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Gold's best run since 2011 exposes 'global complacency' on rates

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Gold is opening the new year on the front foot. Bullion advanced for an eighth straight day to head for the longest stretch of gains since mid-2011, building on an annual surge that pushed the precious metal to its best year in seven as the dollar weakened.

[SINGAPORE] Gold is opening the new year on the front foot. Bullion advanced for an eighth straight day to head for the longest stretch of gains since mid-2011, building on an annual surge that pushed the precious metal to its best year in seven as the dollar weakened.

Bullion for immediate delivery advanced as much as 0.5 per cent to US$1,309.32 an ounce, the highest level since Sept. 26, and was at US$1,309.06 at 6:37 a.m. in London, according to Bloomberg generic pricing. Last year, the commodity climbed 14 per cent as the Bloomberg Dollar Spot Index lost 8.5 per cent to post the steepest decline since at least 2005.

Gold's strong run in 2017 came even as U.S. stock markets surged to records and the Federal Reserve increased interest rates three times amid signs of an improving economy. Fed policy makers are projecting another three hikes in 2018, while other central banks around the world have also shifted toward a tighter monetary stance, with the European Central Bank planning to halve its asset purchases starting this month.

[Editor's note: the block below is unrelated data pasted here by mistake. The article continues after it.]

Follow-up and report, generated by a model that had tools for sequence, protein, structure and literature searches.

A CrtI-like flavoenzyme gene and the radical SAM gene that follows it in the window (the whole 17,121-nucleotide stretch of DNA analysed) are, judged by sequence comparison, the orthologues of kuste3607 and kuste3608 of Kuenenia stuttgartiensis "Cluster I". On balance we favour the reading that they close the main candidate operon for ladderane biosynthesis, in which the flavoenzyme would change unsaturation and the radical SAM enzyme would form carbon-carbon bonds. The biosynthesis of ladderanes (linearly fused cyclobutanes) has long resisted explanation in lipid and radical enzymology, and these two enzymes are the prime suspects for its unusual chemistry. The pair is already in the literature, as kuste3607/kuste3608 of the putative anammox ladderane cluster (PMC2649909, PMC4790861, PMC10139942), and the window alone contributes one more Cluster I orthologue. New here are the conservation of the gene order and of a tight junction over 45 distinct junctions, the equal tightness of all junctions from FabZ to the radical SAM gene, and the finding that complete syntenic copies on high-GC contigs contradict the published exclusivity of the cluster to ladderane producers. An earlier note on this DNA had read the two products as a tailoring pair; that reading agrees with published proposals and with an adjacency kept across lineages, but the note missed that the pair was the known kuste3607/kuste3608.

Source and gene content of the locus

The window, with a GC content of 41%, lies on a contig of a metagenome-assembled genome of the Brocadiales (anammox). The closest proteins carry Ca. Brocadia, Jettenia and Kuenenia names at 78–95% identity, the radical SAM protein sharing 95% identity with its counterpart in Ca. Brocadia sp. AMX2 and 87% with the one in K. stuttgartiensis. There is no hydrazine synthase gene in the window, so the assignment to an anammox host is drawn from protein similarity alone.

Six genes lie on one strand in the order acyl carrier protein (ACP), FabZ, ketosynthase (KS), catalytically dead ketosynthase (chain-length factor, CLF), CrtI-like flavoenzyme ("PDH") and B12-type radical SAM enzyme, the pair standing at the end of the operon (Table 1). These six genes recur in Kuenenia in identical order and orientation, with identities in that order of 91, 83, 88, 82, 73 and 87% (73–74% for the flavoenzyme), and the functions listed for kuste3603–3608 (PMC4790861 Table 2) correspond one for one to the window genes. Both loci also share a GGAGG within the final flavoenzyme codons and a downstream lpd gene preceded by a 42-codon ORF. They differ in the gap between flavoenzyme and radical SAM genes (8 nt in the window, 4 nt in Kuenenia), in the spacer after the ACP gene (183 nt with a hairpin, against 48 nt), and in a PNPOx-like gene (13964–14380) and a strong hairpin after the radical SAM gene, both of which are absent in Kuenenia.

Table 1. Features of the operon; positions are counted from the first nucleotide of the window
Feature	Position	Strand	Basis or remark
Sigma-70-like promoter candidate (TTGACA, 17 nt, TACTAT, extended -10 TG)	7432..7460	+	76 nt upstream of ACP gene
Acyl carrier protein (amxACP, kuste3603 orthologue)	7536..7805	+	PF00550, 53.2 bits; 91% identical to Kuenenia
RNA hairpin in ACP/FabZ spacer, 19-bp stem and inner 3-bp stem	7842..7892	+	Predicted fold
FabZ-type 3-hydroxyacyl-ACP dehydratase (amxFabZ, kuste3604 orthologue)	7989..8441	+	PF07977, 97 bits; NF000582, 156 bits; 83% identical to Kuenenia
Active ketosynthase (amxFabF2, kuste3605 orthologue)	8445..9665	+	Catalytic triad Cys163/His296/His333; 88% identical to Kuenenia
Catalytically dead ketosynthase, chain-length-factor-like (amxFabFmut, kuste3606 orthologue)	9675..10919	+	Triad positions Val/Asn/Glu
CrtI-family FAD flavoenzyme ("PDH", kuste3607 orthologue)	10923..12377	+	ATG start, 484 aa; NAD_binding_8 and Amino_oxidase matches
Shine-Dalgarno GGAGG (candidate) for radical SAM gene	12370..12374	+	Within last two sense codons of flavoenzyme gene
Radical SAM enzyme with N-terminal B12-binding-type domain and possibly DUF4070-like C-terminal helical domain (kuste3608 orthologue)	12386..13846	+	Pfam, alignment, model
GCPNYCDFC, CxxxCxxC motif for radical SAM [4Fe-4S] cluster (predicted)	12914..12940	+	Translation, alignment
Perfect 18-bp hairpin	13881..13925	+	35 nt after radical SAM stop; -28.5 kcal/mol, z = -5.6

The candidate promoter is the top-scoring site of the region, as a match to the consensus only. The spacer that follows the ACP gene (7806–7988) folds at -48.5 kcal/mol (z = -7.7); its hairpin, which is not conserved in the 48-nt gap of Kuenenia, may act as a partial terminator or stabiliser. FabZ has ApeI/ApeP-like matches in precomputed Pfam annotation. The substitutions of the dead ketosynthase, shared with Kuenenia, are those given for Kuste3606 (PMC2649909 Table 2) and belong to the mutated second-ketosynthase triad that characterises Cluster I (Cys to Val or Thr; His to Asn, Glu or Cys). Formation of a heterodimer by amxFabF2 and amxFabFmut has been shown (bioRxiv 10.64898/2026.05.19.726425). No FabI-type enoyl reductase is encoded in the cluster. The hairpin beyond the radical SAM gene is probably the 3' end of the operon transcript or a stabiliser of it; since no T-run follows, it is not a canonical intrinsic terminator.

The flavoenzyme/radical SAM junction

"As global complacency over the trajectory of U.S. rates continues to be astoundingly low, precious metals in general should continue to benefit," Jeffrey Halley, senior market analyst at Oanda Corp in Singapore, said in a note. "The old adage that the market can stay irrational longer then you can stay solvent appears to be alive and well in the gold market at the moment." As prices rose again on Tuesday, bullion's 14-day relative strength index was at 71.3, up from 69.1 on Friday and above the level of 70 that can indicate that an asset may be set for a decline. "The relative strength index is now at very overbought levels," Mr Halley warned.

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Among releases that investors will scrutinise this week for clues on the direction of monetary policy are minutes of the Federal Open Market Committee's December meeting, due on Jan. 3. Separately, there'll be nonfarm payrolls and average hourly earnings issued on Jan. 5.

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